Accordingly, a method to specifically target the MTBE molecules 12 alone for removal from the solution 30 is provided.

Continuing the analogy, the remaining water will have had a certain number of the “identically shaped rocks” removed by this process. With regard to the target rock, namely those which are identically shaped, the final supply of water will have been “de-rocked”, for lack of a better word.

Similarly, referring again to FIG. 7, the solution 30 will have had a certain number of the MTBE molecules 12 removed therefrom. The process of removing a portion of the MTBE molecules 12 from a substance can generally be referred to in the art as “remediation”, and the resultant product is said to be “remediated” and is herein referred to as a “remediated solution 34” that has exited from the second end of the conduit 26.

By varying the length of the conduit 26, the rate of flow of the solution 30 therein, and other factors such as the size of the beads or the temperature of the solution 30, the efficacy of the process can be varied.

By increasing the time the solution 30 is exposed to the washed beads 22, the likelihood that more of the MTBE molecules 12 therein will find adherence with the receptor sites (cavities) on the washed beads 22 is also increased.

Of course, another way to regulate the efficacy of the process is by increasing or decreasing the number of washed beads 22 that the solution 30 is exposed to. More washed beads 22 for the solution 30 to pass by provides more sites to capture the MTBE molecules 12 and therefore more opportunities to remove the MTBE molecules 12 from the aqueous solution 30. Conversely, less washed beads 22 will provide less binding sites and less removals. Accordingly, another method to regulate the efficacy of the remediation process is provided by varying the quantity of the washed beads 22 to which the solution 30 is exposed.

Also, by varying the density of the MTBE molecules 12 in the polymer mass 14, it is possible to influence the resultant number of receptor sites on the washed beads 22. More MTBE molecules 12 results in an increased density of receptor sites on the unwashed and washed beads 18, 22 and a corresponding increase in efficacy of the remediation process. Correspondingly, less MTBE molecules 12 being present when the polymer mass 14 is being formed will result in fewer binding sites and fewer of the MTBE molecules 12 being removed from the solution 30. Accordingly, another method to regulate the relative number of the MTBE molecules 12 that remain in the remediated solution 34 is provided.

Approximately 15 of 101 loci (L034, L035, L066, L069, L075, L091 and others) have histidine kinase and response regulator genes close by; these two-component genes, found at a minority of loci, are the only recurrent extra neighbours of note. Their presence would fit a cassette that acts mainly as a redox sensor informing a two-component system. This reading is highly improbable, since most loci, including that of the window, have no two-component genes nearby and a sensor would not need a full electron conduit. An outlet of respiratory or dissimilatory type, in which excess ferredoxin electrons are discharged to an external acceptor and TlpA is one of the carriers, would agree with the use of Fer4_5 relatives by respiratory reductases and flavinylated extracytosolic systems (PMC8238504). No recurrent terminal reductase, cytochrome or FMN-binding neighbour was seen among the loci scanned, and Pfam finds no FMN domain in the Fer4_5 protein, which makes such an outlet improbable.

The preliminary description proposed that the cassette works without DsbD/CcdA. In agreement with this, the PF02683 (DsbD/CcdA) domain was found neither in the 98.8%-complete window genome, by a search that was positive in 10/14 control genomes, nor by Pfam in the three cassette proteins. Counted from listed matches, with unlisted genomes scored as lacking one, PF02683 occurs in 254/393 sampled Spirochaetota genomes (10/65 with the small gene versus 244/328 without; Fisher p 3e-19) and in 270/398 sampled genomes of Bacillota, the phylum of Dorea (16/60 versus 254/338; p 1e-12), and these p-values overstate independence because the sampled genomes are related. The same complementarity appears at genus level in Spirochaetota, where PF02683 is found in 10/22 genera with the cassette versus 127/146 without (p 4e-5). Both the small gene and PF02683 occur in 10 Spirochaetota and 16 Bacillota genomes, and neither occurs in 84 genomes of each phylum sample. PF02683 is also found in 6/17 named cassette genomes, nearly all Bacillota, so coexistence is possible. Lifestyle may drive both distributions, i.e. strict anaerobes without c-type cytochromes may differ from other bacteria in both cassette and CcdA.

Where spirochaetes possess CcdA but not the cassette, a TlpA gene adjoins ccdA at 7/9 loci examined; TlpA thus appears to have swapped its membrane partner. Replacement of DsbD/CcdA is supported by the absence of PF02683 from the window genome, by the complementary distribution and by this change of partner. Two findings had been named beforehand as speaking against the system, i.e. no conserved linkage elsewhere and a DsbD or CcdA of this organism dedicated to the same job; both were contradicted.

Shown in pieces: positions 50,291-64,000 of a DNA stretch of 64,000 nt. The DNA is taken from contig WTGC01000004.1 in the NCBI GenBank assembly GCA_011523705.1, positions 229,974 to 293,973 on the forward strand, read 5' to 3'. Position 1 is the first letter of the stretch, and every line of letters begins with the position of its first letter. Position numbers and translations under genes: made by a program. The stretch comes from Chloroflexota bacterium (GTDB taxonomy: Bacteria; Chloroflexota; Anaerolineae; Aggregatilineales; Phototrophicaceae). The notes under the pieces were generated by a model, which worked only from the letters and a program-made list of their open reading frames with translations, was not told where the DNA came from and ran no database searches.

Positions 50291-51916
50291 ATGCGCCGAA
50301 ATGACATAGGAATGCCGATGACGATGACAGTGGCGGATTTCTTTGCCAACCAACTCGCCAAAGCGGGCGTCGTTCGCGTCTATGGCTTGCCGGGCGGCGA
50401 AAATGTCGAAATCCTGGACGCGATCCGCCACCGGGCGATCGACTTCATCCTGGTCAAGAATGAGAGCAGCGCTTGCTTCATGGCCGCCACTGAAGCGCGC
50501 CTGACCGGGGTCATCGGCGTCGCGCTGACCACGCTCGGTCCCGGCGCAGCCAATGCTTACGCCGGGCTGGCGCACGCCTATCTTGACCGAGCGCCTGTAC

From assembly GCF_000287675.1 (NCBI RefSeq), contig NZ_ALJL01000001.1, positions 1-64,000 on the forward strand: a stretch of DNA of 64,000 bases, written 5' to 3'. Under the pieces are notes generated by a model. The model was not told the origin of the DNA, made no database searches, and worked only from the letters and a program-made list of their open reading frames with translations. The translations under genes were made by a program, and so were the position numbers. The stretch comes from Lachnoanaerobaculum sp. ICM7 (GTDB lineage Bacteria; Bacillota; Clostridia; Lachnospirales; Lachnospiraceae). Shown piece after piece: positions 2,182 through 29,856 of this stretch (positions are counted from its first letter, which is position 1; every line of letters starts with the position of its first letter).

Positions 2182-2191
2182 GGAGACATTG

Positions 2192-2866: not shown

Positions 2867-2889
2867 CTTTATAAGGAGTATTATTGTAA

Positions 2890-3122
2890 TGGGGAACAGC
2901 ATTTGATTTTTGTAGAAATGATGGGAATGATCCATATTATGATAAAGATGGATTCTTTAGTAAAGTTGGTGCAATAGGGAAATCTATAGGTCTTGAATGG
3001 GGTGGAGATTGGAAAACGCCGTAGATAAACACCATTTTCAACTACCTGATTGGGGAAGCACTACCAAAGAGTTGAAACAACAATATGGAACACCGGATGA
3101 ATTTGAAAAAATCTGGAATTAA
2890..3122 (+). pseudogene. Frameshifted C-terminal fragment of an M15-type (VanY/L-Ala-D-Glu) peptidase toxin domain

Still another way to regulate the efficacy is to control the quantity of the solution 30 that will be exposed to the washed beads 22. If a small quantity of aqueous solution 30 is exposed to the washed beads 22, then ample receptor sites will be available in the washed beads 22 for capture of the MTBE molecules 12. If a larger quantity of the solution 30 is exposed to the washed beads 22, then certain of the receptor sites will contain the MTBE molecules 12 that have been deposited therein from an earlier extraction from the solution 30 thereby preventing the capturing of additional quantities of the MTBE molecules 12 in those “already filled sites”, thereby reducing the efficacy of the process. By varying the rate of flow of the solution 30 through the conduit 26 the quantity of solution 30 that is exposed is controlled.

Other methods to regulate the efficacy of the remediation process are also anticipated. For example, varying the temperature of the solution 30 may be useful in influencing the ease by which the MTBE molecules either find or remain adhered to the receptor sites on the washed beads 22.

Regulating the number of the washed beads 22 may be combined with regulating the time of exposure of the solution 30 to the washed beads 22, as desired, to further determine the efficacy of the process, as may the quantity of solution 30 also be regulated in combination with any other influencing factor.

The remediation process is accomplished to the degree of efficacy as the limits of the process determine in conjunction with the objectives for remediation. For example, if the it is desired to have 20-30% of the MTBE molecules 12 removed from the solution 30, the process is regulated to ensure that the remediated solution 34 falls within that range. If it is desirable to have a greater percentage of the MTBE molecules 12 removed, the efficacy of the process is regulated by any preferred means to attain the desired degree of remediation.

There is no limit inherent with this process that would prevent achieving any desired remediation efficacy approaching the limit of 100% removal of the MTBE molecules 12 from the solution 30. Of course, no process is perfect and therefore it is unrealistic to imagine that all of the MTBE molecules 12 can be removed. Accordingly, 100% is not a practical efficacy to attain with this or any other known process for MTBE remediation.